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Living in warm, sunny Anguilla year round, my husband and I try to plan a getaway where we can immerse ourselves in wintry weather and seasonal vibes during the holidays. This year, we chose to venture to Quebec City and Montreal with some of our best friends in tow.
What we experienced was beyond what we could have imagined. Quite simply, Quebec City is the ultimate holiday destination.
If you'd like to plan a similar vacation escape for next winter, as part of a river cruise or not, now is the time to start planning. Here's a Visual List of our experience there last month.
If you're staying for a night or more, consider staying (as we did) at the stunning Chateau Frontenac, an iconic property that holds the title of world’s most photographed hotel. The castle’s facade is a beauty and the interiors are all kinds of regal and holiday-inspired with an entire hall lined with Christmas trees. If you’re given the option, choose a room with a view. We originally booked a standard room but were happy with the choice of upgrading. We had two mornings in our room; one that brought sunny skies shining over glistening fresh powder, and one that brought a blizzard with thick snow swirling outside our window.
Quebec’s Old Town is essentially composed of two parts: the upper old town and the lower old town. If you’re on the hunt for the picture-perfect scenes of Old Quebec, head to Quartier Petit Champlain where you’ll fall straight into a scene from a Christmas movie. Dating back more than 400 years, this part of Quebec City oozes charm and the experience is only enhanced by the snowfall. Christmas trees line the streets, wreaths and large lit snowflakes hang from the rooftops, and Christmas lights take the fore in this part of town.
Petit Champlain is exactly what you’d expect: fudgeries, boutiques, quaint pubs and sweet shops adorning the streets and holiday music playing through the main thoroughfares. It takes the idea of holiday spirit and charm to the next level. When we were visiting in mid-December, the streets were empty but for us and a few other visitors meandering the snow-covered roads and snapping photos of main square. Generally speaking, the first two weeks of December are a great time to travel if you can swing it. Fewer people are jet-setting since many are saving their holiday getaways for Christmas and New Year’s weeks. For those who can get away, it’s ideal: Not only will you be able to enjoy a lesser-trafficked experience, you’ll also enjoy lower prices since tourism takes a bit of a dip.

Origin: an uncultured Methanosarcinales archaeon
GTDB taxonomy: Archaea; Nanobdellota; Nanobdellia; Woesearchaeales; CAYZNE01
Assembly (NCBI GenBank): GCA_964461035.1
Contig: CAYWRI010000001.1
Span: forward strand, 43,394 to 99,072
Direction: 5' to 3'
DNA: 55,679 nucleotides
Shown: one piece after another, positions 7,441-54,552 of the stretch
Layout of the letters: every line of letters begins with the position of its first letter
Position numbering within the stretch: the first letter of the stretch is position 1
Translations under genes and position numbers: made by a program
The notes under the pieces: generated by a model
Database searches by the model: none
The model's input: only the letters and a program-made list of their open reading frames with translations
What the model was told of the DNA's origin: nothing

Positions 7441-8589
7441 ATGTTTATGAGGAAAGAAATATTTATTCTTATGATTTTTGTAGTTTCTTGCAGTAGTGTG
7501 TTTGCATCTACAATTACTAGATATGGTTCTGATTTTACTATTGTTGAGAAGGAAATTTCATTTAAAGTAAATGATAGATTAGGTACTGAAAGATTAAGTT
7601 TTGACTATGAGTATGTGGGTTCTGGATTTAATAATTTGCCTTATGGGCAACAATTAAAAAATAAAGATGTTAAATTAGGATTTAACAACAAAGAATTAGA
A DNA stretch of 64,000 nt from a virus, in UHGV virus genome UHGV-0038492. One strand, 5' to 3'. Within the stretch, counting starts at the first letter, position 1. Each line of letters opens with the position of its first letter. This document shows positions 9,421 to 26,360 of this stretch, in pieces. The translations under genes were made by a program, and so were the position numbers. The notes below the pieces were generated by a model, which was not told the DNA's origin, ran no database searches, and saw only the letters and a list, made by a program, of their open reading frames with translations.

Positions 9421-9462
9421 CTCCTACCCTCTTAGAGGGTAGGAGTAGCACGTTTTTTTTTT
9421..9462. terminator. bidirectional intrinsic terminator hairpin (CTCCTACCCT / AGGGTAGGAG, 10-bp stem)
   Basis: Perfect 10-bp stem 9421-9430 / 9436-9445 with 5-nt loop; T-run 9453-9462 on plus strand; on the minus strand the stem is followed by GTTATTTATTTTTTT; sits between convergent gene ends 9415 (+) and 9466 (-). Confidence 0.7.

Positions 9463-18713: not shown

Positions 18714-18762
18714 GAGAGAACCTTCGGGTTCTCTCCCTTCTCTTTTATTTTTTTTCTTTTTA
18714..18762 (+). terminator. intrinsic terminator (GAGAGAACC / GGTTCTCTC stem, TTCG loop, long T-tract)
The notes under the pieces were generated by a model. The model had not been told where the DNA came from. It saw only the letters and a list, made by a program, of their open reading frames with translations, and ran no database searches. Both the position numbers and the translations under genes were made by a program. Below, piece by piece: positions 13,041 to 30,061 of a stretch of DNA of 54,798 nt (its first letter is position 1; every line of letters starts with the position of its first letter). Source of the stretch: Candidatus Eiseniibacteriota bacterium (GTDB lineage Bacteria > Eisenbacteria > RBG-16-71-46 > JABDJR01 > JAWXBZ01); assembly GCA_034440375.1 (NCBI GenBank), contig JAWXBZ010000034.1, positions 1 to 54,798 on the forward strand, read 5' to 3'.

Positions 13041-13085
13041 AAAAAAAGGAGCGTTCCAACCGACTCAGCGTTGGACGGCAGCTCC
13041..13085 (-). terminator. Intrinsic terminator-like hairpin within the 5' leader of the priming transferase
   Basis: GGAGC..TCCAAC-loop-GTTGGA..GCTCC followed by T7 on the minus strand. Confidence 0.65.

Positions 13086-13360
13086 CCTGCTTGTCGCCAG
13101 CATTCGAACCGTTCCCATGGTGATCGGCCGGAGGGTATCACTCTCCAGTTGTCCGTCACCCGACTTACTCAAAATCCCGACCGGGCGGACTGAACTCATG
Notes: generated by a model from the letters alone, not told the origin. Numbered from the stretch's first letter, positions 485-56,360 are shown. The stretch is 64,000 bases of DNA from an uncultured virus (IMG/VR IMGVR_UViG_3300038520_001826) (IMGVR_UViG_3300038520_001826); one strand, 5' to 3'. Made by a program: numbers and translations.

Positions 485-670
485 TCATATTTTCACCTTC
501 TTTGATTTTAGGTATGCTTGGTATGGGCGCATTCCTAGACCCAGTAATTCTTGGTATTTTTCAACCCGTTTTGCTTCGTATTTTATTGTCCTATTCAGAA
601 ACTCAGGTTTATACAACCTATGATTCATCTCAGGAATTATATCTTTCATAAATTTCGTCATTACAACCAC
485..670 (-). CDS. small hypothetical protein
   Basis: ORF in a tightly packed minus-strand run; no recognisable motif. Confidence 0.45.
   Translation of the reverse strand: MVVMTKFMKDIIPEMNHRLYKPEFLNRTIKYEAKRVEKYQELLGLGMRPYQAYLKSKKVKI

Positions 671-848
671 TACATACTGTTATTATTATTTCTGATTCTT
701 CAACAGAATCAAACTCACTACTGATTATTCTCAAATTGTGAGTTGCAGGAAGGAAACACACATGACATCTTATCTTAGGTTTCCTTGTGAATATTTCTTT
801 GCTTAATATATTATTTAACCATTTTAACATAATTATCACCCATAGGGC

If you’re staying at Chateau Frontenac or somewhere nearby, you have a couple of ways to access the Lower Old Town. You can either take the stairs – around 200 of them – to descend into the magical old quarter, or you can take the funicular (C$2.50 per person each way) which leaves from outside of Chateau Frontenac (Terrasse Dufferin) and drops you off right at the head of Petit Champlain.
For the ultimate romantic holiday scene, you must head down to Place Royale at night when the streets are lit up and the giant Christmas tree in the main square takes center stage. Backed by Notre-Dame-des-Victoires, the oldest stone church in North America (1688), it’s a dreamy tableau. You may recognize the church from "Catch Me If You Can," in a final scene that takes place with Leonardo DiCaprio in a church in a what’s alleged to be a ‘small town in France.’ As it turns out, that scene was actually filmed in this exact square, a pretty solid testament to the French influence and feel that exists in Old Quebec City.
The Lower Old Town is replete with quaint restaurants perfect for a cozy meal, and it’s worth having at least one night slated for this part of town to enjoy the nighttime enchantment. After dinner, head to L’Oncle Antoine’s, a centuries-old home-turned-pub that was recommended to us by friends. Escape the freezing temps and warm up with a seat by the fire or a cup of mulled wine.
Quebec City exceeded our expectations for a holiday getaway. Many of our friends were so enchanted with the pictures we posted that they wanted to know where exactly we were spending our winter holiday (could it really be Canada?!). People often say that they believe Quebec City is the closest thing to Europe that visitors can experience in North America. After our recent visit, I have no doubt that’s absolutely true.
Have you experienced Christmas in Quebec City? What was it like?